The interest in using dogs by the U. S. Marine Corps began in 1935 when Central American guerrilla soldiers used dogs as sentries to alert the soldiers. Additionally, the Germans utilized canine troops in World War I. This lead to the use of dogs in combat duringWorld War II as scouts, couriers, and infantry dogs, where the dogs were ideally suited to the dense tropical vegetation of the Pacific islands.
Camp LeJuene, North Carolina was the home of the war Dog Training School, where dogs began their training with the rank of private; war dogs actually could out-rank their handlers. Seven War Dog Platoons were trained at Camp LeJeune.
The breed of choice for the combat dog was the Doberman pinscher. German tax collector Louis Doberman first developed this versatile breed in the Apolda region of Germany to suit his own need for a loyal, obedient, fiercely protective dog to accompany him in his rounds as a tax collector. Later, the dogs were trained as police dogs in 19th Century Germany. During WWII, approximately 75% of dogs used during combat were Doberman pinschers, with 25% German Shepherds. Through a non-profit organization, Dogs for Defense, the public could loan their family dogs to the Marine Corps. The Doberman Pinscher Club of America also supplied many of the war dogs.
Each dog went through a rigorous course of obedience for a period of six weeks. After basic training, the dogs were divided into groups for specialized training: scout, messenger or infantry. Scout dogs were sent first with the handler to detect mines or enemy troops. Messenger dogs would follow their handler's trail and carry correspondence or supplies. Infantry dogs alerted the troops of the enemy's presence.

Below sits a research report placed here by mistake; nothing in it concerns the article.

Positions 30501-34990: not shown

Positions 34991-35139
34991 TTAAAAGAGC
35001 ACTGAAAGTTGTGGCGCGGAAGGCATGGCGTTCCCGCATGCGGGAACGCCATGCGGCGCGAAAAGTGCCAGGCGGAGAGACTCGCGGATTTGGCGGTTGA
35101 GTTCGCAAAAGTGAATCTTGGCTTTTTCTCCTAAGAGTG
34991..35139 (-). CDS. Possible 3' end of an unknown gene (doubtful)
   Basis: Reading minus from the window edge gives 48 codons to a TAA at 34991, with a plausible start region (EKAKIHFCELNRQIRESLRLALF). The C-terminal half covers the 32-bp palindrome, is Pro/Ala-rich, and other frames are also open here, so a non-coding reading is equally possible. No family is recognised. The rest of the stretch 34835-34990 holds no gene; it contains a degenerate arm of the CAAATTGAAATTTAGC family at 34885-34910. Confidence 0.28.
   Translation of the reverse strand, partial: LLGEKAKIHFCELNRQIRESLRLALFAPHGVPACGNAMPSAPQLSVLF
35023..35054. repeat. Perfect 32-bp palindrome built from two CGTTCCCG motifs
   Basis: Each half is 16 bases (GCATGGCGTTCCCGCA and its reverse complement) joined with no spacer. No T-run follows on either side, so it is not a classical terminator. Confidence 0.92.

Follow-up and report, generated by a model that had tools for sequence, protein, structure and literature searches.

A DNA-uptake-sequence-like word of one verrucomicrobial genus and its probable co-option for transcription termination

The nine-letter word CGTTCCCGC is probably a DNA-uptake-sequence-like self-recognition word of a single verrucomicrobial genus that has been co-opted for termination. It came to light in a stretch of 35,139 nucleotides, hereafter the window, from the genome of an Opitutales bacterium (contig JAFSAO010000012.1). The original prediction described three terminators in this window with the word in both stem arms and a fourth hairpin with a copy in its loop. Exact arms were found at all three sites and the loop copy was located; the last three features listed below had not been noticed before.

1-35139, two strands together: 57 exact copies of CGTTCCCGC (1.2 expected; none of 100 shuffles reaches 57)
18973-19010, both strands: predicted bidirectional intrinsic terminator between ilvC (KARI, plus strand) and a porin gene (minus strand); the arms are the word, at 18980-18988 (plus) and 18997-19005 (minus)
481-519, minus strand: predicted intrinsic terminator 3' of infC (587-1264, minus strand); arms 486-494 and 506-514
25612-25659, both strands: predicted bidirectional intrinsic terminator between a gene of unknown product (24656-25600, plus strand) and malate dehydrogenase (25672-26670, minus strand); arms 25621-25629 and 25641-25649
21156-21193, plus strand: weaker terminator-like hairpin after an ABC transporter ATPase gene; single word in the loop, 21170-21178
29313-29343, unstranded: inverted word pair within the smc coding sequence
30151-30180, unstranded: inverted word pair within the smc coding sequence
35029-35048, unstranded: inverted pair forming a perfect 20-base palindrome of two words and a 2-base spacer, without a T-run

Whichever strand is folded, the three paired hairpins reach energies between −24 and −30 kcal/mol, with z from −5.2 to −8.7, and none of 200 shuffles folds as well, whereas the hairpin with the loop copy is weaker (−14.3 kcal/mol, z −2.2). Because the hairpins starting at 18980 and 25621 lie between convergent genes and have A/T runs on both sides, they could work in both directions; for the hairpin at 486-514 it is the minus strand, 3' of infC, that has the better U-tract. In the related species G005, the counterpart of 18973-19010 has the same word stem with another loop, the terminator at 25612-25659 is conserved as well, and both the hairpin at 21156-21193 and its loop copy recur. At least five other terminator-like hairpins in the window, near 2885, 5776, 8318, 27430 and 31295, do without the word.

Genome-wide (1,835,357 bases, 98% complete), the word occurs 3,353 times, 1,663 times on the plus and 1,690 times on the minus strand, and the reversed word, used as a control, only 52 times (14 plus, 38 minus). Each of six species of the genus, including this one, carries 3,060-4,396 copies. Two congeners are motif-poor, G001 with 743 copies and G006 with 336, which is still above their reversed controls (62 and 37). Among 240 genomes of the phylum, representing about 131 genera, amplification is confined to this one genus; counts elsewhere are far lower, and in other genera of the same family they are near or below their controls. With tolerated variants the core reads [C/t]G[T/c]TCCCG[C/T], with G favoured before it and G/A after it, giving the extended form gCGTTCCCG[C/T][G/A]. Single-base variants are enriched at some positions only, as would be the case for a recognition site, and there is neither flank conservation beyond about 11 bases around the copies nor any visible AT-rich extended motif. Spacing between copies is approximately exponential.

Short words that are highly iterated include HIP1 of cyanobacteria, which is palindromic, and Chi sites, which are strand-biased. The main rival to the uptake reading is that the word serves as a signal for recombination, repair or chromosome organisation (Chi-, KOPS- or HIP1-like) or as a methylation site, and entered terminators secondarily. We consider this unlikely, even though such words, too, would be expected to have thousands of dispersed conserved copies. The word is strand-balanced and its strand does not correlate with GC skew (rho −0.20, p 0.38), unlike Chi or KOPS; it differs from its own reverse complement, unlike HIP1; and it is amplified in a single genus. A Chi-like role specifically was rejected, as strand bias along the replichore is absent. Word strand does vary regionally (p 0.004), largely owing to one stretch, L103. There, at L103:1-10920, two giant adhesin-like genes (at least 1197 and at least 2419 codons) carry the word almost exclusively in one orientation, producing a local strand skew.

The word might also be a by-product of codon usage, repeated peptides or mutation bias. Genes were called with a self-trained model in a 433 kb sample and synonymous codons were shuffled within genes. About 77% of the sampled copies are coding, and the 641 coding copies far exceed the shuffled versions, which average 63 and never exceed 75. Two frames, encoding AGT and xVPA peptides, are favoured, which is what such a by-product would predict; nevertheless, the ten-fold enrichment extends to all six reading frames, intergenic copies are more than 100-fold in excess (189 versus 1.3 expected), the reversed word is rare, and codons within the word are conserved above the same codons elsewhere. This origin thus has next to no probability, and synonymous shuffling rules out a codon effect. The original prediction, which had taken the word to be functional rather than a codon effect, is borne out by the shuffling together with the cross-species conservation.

The dogs used signals to alert the soldiers of Japanese presence as they were trained not to bark. The dogs could detect a human scent up to one-half mile away. During the war, the Japanese ambushed none of the War Dog platoons. Each of the seven War Dog platoons fought in various locations in the Pacific during WWII, including Guam, Okinawa, and Guadalcanal.
In August 1945, the war Dog Platoons were disbanded. Many of the dogs were retrained for civilian life and sent back to their families, while several remained with their handlers. There were 1,047 dogs enlisted during the war, with 465 serving in combat. Twenty-five dogs died during service in the Pacific during the war.
Through of the efforts of Dr. William W. Putney, a WWII veteran and member of a War Dog platoon, the first War Dog Memorial, a life-size bronze of a Doberman pinscher, was unveiled on the U. S. Naval Base on Guam during the 50th anniversary of the liberation of that island. --Dana Prince